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Three-dimensional quantum Hall effect and global picture of edge states in Weyl semimetals

August 25, 2020

Since Von Klitzing discovered the quantum Hall effect in a two-dimensional electron gas system in 1980, there has been theoretical work discussing how to quantize the Hall conductance in a three-dimensional system. In a three-dimensional system, electrons form Landau levels in the directions perpendicular to the magnetic field, whereas own continuous dispersion along the direction of the magnetic field. Therefore, no matter where the Fermi energy is located, there will always be bulk electrons participating in the transport, resulting in the failure to make the Hall conductance quantized. However, the types of topological materials are gradually enriched in recent years, providing new ideas to realize the three-dimensional quantum Hall effect.

In recent years, the three-dimensional quantum Hall effect in topological semimetals has attracted extensive attention. In 2017, Professor Lu Haizhou's group from Southern University of Science and Technology and Professor Xie Xincheng's group from Peking University proposed a new mechanism to realize the three-dimensional effect in topological semimetals with the combination of the Fermi arcs at opposite surfaces. However, for this new three-dimensional quantum Hall effect, the physical picture of the edge states, how the edge states evolve and form a closed trajectory, and how it is affected by a tilted magnetic field is still missing. Recently, Professor Xie and his collaborators investigate the three-dimensional quantum Hall effect in Weyl semimetals and elucidate a global picture of the edge states. This work has been published in Physical Review Letters [Phys. Rev. Lett. 125, 036602. https://link.aps.org/doi/10.1103/PhysRevLett.125.036602].

Weyl semimetals are three-dimensional topological quantum materials of which bulk energy bands are gapped except for an even number of points in the momentum space, named Weyl nodes. At some surfaces of a Weyl semimetal, there exist topologically protected surface states, so-called Fermi arcs. The Fermi arcs on the top and the bottom surfaces of the Weyl semimetal form a complete two-dimensional electron gas via Weyl nodes. In the presence of a magnetic field, bulk electrons form chiral Landau bands with linear dispersion along the direction of the magnetic field. Through the analysis of the semi-classical equations of motion of electrons and numerical simulations of the transport, they stated that in the bulk or topologically trivial side surfaces, electrons connect the top and the bottom surfaces via chiral Landau states; on the topologically non-trivial side surfaces, electrons connect the top and the bottom surfaces via Fermi-arc surface states, thereby forming a closed trajectory (see Figure.(a)). When the Fermi level is located at the Weyl node, the Hall conductance shows quantized plateaus.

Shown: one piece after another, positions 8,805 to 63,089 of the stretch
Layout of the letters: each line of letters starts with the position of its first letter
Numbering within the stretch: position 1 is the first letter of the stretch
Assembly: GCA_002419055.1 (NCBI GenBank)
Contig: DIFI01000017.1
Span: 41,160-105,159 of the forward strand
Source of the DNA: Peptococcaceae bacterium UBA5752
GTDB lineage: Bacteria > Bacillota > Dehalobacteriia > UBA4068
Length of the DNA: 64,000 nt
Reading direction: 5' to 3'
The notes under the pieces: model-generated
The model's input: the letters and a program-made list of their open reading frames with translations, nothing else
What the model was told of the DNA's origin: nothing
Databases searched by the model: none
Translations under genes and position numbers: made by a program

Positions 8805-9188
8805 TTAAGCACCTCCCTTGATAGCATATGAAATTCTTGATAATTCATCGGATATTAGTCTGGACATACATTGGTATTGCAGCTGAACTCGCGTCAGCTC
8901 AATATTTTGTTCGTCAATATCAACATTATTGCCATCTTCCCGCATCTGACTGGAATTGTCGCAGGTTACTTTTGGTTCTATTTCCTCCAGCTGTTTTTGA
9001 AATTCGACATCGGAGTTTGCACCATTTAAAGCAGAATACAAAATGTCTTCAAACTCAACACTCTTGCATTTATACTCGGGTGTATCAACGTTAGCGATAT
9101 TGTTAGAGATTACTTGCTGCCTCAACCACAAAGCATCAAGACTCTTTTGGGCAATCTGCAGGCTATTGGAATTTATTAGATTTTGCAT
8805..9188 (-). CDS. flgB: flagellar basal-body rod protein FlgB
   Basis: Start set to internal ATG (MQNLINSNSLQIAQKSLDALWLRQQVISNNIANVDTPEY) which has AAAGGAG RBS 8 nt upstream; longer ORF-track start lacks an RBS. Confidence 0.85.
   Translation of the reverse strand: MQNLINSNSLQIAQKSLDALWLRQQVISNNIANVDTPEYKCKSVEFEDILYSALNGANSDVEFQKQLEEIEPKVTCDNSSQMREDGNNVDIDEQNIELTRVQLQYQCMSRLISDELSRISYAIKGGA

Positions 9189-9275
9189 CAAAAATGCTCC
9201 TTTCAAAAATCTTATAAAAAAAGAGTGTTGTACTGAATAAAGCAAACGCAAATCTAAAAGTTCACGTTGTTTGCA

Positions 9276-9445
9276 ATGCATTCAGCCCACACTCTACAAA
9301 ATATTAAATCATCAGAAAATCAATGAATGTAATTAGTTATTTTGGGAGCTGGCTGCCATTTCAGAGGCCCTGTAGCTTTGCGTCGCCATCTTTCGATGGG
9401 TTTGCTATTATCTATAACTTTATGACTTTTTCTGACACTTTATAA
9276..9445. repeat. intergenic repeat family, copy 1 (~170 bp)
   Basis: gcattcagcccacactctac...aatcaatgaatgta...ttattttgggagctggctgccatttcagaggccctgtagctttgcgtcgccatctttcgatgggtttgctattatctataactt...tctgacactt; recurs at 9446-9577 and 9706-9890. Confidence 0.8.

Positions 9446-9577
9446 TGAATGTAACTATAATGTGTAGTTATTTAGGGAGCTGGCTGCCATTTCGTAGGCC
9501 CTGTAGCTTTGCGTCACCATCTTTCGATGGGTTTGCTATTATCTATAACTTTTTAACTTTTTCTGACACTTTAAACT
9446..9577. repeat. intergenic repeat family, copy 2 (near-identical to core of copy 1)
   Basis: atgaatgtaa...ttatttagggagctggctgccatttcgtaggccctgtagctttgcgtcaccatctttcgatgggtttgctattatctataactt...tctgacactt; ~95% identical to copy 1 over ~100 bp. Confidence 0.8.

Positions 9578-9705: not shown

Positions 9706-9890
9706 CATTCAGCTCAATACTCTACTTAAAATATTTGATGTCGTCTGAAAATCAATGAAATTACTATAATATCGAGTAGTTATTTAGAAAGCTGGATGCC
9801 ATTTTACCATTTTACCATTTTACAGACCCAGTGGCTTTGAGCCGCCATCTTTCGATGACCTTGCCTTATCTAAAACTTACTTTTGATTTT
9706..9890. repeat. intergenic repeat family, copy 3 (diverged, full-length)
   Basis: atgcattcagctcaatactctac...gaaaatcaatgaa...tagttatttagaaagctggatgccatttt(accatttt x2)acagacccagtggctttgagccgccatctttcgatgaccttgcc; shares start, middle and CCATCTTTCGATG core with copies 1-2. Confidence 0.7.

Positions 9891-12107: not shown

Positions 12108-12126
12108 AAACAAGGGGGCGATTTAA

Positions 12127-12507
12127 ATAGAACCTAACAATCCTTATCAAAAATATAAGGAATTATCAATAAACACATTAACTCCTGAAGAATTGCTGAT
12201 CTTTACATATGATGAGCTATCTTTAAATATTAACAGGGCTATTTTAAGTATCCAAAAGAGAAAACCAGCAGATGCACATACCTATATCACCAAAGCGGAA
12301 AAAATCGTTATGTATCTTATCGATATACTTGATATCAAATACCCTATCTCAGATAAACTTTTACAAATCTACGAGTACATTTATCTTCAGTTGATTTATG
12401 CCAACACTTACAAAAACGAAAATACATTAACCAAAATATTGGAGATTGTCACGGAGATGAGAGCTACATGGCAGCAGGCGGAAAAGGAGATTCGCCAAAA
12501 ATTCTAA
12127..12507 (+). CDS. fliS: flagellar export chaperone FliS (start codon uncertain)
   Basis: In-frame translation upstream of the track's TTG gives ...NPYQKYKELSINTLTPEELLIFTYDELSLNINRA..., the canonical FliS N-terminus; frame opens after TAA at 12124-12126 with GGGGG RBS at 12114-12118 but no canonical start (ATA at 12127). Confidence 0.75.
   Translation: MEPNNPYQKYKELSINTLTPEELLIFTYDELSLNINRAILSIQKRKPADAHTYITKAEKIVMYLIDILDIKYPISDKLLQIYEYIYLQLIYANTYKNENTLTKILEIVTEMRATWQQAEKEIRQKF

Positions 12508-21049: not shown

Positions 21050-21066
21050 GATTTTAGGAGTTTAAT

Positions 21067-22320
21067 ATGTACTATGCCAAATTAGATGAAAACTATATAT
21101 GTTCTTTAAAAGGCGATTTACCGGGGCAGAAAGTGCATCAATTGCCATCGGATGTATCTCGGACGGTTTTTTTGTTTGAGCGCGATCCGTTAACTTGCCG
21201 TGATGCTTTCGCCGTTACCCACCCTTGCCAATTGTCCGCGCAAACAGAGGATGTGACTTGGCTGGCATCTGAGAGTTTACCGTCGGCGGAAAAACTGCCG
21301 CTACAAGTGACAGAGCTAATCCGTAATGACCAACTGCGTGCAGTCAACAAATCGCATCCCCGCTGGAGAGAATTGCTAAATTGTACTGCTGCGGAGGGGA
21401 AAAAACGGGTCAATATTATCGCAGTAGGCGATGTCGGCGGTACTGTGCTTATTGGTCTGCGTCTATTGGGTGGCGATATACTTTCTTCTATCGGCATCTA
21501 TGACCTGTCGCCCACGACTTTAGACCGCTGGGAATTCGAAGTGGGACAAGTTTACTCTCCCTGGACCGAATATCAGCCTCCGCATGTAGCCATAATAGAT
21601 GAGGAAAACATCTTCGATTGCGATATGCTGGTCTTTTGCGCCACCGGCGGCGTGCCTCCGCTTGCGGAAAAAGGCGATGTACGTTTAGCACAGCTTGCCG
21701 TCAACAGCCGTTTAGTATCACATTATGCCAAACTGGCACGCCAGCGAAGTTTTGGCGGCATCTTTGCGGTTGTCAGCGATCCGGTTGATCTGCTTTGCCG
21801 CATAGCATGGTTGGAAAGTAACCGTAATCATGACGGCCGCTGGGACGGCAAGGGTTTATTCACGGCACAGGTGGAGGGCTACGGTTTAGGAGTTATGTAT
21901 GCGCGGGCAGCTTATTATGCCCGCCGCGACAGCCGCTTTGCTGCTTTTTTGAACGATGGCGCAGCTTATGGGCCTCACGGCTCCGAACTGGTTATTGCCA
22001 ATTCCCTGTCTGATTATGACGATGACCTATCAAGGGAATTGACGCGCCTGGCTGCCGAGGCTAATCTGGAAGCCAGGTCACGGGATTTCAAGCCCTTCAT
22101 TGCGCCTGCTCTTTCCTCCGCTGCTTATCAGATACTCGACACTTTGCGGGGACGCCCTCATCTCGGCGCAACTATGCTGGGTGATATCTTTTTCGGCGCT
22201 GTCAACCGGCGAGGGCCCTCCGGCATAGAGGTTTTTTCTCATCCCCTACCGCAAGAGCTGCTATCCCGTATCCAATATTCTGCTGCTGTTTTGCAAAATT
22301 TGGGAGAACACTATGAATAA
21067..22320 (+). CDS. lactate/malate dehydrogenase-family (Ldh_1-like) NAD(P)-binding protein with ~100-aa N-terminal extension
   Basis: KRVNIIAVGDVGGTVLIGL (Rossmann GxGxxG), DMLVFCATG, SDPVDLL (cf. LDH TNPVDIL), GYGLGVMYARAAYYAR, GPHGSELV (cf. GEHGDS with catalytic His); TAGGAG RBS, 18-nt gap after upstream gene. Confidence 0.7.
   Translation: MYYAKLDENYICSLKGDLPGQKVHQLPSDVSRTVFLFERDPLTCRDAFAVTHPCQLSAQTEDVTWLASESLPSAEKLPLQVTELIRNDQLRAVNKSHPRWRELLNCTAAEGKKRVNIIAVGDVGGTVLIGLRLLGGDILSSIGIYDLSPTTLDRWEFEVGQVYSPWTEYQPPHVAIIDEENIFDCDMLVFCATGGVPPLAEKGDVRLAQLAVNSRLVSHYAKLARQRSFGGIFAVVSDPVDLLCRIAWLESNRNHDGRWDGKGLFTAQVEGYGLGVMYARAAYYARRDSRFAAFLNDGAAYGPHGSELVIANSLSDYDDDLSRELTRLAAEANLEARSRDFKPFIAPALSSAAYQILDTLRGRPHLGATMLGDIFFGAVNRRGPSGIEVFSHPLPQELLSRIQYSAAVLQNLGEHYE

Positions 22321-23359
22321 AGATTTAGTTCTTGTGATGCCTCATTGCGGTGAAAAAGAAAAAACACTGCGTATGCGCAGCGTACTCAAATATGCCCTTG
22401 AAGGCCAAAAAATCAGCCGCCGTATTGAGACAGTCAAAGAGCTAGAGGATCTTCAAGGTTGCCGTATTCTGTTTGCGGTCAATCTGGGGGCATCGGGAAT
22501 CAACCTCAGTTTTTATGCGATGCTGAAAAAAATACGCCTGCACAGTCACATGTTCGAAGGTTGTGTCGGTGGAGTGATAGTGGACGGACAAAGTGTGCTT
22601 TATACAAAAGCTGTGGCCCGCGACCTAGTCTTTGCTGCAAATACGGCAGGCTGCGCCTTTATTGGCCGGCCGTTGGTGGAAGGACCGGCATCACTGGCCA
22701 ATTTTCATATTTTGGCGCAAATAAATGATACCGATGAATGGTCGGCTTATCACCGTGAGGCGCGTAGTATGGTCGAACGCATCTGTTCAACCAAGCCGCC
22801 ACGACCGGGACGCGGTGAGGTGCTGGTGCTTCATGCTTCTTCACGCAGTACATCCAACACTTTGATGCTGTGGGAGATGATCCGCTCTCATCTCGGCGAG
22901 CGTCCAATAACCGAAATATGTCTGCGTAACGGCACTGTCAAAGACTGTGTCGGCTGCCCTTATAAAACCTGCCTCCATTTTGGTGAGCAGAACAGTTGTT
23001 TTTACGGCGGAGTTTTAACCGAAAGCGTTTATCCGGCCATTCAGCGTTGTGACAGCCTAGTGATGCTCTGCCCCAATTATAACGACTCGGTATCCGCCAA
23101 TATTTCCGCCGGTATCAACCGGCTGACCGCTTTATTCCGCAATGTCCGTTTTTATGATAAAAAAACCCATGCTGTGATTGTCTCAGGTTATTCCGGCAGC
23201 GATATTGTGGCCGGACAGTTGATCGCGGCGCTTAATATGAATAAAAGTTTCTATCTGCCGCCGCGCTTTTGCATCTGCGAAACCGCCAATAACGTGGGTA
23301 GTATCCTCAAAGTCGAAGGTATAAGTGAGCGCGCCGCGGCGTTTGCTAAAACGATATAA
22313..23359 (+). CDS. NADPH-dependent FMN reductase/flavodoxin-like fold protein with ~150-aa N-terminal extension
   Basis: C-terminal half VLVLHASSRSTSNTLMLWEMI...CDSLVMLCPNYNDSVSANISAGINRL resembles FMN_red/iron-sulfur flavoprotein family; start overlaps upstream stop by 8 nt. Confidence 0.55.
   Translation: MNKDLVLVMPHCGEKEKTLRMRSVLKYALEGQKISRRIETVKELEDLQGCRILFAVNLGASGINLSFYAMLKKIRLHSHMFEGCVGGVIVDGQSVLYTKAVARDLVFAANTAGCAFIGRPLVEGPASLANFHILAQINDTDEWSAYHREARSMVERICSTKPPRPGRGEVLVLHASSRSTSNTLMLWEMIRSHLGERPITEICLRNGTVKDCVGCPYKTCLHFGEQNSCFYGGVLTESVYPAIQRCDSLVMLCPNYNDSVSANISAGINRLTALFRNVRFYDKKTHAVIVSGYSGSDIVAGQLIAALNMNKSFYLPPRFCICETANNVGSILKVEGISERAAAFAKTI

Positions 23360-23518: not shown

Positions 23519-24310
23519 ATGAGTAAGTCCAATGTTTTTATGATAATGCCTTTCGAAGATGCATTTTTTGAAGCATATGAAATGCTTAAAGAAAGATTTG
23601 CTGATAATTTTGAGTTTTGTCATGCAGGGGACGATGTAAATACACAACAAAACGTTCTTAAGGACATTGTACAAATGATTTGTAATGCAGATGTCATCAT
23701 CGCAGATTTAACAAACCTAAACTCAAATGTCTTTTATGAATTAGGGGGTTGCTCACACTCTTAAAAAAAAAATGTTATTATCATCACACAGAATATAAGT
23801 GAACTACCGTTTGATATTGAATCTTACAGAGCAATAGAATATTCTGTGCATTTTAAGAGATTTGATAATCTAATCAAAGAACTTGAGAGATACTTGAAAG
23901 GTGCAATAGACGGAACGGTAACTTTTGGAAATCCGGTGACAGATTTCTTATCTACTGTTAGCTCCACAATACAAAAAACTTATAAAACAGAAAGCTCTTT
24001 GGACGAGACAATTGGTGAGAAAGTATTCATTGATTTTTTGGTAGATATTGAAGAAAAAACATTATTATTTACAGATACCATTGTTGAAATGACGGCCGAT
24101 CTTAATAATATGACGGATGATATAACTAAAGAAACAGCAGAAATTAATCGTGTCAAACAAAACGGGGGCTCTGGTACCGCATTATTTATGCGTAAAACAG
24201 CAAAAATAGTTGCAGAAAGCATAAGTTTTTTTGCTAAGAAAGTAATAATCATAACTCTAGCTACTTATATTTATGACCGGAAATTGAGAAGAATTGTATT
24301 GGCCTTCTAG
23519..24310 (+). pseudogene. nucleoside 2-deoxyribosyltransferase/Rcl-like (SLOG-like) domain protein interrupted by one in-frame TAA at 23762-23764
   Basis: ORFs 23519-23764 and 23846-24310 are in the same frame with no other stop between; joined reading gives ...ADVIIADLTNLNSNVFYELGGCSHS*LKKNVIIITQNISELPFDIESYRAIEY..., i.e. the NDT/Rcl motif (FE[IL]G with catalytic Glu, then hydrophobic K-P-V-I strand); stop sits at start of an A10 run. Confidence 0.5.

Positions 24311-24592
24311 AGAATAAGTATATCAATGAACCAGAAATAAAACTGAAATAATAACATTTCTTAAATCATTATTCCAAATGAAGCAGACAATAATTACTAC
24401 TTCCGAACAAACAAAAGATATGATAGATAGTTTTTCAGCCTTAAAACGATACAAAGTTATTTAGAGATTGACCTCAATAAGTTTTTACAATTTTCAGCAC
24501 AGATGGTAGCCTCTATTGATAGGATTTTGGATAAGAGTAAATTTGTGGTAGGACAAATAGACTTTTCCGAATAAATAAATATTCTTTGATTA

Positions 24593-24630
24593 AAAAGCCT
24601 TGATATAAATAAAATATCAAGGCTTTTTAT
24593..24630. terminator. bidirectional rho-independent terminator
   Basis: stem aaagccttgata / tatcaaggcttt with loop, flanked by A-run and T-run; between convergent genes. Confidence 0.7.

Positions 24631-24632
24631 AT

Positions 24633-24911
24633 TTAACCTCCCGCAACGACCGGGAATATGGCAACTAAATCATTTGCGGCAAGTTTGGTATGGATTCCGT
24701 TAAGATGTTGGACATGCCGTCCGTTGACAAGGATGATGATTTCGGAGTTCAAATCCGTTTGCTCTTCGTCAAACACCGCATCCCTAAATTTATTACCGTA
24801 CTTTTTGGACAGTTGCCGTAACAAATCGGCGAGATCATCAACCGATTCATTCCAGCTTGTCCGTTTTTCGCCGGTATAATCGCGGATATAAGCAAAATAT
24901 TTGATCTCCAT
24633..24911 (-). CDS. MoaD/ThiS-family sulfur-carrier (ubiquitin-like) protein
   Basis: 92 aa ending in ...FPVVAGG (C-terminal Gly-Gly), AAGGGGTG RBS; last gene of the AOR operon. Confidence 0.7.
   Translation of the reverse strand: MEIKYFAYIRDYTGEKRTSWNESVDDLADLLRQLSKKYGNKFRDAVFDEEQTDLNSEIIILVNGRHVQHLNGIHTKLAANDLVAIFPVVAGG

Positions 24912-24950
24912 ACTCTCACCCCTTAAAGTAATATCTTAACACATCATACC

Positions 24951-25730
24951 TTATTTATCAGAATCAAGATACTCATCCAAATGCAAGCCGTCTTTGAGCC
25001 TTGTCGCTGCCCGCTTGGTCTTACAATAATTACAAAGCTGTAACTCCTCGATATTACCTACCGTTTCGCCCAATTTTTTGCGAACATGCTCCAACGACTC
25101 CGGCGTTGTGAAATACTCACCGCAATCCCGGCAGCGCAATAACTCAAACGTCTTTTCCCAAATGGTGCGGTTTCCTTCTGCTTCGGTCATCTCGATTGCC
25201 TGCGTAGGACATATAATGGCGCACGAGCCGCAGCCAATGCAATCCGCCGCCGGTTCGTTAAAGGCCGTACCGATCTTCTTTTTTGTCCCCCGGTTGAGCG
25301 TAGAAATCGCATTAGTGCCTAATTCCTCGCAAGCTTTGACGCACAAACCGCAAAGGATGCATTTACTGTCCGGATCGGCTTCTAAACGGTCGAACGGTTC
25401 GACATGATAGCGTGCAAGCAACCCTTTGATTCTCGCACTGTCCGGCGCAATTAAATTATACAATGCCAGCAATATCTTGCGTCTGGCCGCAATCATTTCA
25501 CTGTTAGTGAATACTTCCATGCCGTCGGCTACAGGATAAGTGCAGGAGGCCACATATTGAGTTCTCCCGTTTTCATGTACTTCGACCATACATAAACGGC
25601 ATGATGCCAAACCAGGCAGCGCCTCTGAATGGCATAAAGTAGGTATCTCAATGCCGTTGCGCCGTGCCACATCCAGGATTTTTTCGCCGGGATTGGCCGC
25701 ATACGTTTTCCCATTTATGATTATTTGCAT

In addition, under a tilted magnetic field, chiral Landau bands will affect the spatial distribution of the edge states, and the resulting edge states will lead to distinctive Hall transport phenomena. A tilted magnetic field contributes to an intrinsic Hall conductance, and such an intrinsic value only depends on the tilting angle of the magnetic field and the properties of the Weyl semimetal. In particular, they also predicted that there is a critical angle of tilted magnetic fields. When the tilting angle of the magnetic field exceeds the critical angle, the Hall conductance will change its sign with an abrupt spatial shift of the edge states. This study uncovers the physical picture of the three-dimensional quantum Hall effect in Weyl semimetals and relates it to the topological properties of Weyl semimetals.
-end-
Li Hailong, a Ph.D. candidate in Professor Xie's group, is the first author, and both Professor Xie and Professor Jiang Hua from Soochow University are the corresponding authors of this paper. Other collaborators include Professor Liu Haiwen from Beijing Normal University. This work is financially supported by the National Natural Science Foundation of China.

Peking University

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